According to an independent, well-regarded think tank, there is statistically no reason to think that we can reduce drug abuse by locking more people up.
The nonprofit Pew Charitable Trusts spelled it out in a letter this summer to a federal commission that’s looking at ways to combat the widespread problem of opioid abuse.
Its study, which drew on data from the federal government and all fifty states, found no statistically-significant relationship between a state’s rate of incarceration and its rate of drug use, drug arrests, or overdose deaths.
Put another way, locking up more people didn’t correlate with lower rates of drug use, drug arrests, or overdose deaths. These findings held even when the study controlled for race, income, unemployment, and education. The arrest and incarceration rates came from state corrections departments and the U.S. Justice Department. The drug-usage rates came from an annual, national survey funded by the U.S. Department of Health and Human Services. The overdose-death rates came from the Centers for Disease Control and Prevention. The demographic data came from the U.S. Census Bureau, and the income and unemployment data came from the U.S. Labor Department.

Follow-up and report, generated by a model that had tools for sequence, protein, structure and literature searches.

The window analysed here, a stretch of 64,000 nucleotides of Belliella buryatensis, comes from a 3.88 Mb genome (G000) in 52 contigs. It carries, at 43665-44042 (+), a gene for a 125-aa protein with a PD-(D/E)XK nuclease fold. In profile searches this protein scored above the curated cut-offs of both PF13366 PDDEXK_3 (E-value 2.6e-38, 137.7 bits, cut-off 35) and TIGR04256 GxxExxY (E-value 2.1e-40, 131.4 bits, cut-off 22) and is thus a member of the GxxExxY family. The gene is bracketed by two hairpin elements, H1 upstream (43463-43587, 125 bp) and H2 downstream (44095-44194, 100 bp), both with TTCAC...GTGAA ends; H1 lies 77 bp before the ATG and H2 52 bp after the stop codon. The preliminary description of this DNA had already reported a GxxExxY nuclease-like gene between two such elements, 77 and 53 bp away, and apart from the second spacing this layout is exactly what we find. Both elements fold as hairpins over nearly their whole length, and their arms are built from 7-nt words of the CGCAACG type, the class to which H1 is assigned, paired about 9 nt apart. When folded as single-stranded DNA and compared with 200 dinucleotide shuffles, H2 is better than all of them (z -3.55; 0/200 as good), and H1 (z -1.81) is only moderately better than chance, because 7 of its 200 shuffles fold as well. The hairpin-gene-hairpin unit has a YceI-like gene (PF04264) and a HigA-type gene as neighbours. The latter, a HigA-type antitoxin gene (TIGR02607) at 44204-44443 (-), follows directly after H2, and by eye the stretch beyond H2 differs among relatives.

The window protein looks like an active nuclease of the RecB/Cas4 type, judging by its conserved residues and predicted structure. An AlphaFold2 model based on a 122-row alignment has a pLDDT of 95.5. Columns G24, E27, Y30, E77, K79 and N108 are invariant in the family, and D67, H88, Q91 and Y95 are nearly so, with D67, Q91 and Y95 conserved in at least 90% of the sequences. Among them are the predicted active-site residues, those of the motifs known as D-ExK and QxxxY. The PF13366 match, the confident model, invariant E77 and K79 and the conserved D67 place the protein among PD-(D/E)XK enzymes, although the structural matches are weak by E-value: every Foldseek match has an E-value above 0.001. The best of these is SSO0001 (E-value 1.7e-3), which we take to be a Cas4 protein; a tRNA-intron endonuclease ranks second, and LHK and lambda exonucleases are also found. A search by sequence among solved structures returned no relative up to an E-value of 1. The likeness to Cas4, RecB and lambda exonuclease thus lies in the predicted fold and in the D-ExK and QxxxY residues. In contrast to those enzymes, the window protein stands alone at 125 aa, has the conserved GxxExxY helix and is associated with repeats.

The more effective response to opioid abuse, says the letter, is a combination of law enforcement to curb drug trafficking; sentencing alternatives to divert nonviolent people from costly imprisonment; treatment to reduce addiction; and prevention efforts like prescription-drug monitoring programs, which we wrote about last week.
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